Environmental temperature during pregnancy and eating attitudes during teenage years: A replication and extension study
Article first published online: 16 OCT 2001
Copyright © 2001 John Wiley & Sons, Inc.
International Journal of Eating Disorders
Volume 30, Issue 4, pages 413–420, December 2001
How to Cite
van Hanswijck de Jonge, L., Meyer, C., Smith, K. and Waller, G. (2001), Environmental temperature during pregnancy and eating attitudes during teenage years: A replication and extension study. Int. J. Eat. Disord., 30: 413–420. doi: 10.1002/eat.1102
- Issue published online: 16 OCT 2001
- Article first published online: 16 OCT 2001
- Manuscript Accepted: 10 NOV 2000
- fetal development;
- eating attitudes;
Among nonclinical adolescents, restrictive eating attitudes are more likely to occur among females born during warmer months. The present study aimed to replicate this finding and to extend it, considering whether such an effect is found in males and across the teenage years. In addition, the influence of temperature across the intrauterine period was considered.
The participants consisted of younger and older teenagers, all born in England. Each completed the relevant scales of the Eating Disorders Inventory and provided demographic information. Temperature across fetal development was determined using national meteorological records.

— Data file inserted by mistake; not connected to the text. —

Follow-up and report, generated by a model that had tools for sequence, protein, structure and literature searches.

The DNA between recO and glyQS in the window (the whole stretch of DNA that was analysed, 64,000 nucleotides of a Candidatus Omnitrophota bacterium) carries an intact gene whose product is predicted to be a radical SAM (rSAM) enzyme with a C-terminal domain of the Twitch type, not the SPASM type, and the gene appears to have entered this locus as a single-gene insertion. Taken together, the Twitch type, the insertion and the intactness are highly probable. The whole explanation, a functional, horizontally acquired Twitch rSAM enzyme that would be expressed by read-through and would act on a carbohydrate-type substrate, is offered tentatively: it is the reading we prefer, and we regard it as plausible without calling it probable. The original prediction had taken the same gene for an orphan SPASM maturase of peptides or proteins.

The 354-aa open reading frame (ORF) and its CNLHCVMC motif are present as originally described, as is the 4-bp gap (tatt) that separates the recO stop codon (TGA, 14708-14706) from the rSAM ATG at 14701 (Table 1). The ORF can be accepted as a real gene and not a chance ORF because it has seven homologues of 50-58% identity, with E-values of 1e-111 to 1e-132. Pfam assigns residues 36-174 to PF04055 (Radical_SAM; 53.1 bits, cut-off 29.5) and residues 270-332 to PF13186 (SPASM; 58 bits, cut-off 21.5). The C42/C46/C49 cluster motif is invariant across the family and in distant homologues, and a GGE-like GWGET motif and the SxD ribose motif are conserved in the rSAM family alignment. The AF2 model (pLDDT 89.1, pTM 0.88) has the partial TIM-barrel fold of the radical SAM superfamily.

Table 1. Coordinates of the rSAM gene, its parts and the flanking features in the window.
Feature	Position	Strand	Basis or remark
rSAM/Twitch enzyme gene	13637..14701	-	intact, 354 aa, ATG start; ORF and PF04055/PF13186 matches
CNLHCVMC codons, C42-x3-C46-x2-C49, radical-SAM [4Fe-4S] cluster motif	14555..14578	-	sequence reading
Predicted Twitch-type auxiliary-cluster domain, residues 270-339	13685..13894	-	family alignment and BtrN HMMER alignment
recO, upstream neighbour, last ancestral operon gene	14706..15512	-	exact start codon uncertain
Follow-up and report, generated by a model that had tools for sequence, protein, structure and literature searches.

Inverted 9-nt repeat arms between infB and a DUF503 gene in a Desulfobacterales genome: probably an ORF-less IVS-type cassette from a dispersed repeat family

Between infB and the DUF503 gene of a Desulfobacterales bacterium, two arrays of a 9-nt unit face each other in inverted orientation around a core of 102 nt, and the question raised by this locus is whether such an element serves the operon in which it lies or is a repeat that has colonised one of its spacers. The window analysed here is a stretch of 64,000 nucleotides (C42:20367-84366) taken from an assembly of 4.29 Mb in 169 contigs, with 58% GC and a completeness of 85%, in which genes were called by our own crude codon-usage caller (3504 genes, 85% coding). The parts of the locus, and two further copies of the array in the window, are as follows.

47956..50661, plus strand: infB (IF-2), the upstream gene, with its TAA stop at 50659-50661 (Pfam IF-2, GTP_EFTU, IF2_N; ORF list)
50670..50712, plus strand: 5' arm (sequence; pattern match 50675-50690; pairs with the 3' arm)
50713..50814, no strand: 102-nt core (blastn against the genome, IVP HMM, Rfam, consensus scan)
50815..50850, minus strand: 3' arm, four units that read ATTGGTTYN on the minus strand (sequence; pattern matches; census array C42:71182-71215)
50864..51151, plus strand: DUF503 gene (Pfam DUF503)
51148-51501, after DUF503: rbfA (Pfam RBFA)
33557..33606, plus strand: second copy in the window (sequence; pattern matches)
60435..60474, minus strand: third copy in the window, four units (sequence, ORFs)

There was a positive link between restrictive attitudes and temperature at birth among the older female group, although this replication effect did not reach significance. The same association among the older males was highly significant. The range of temperatures during fetal development also predicted later restrictive attitudes. In contrast, these effects were not replicated among the younger group, where a different pattern of effect was found (among the females only).
Environmental temperature seems to have an important influence on later eating attitudes, but the pattern of influence appears to vary across development. Therefore, studies of the mechanisms behind this effect need to consider the role of gender and development, as well as the role of temperature across the period of intrauterine development. © 2001 by John Wiley & Sons, Inc. Int J Eat Disord 30: 413–420, 2001.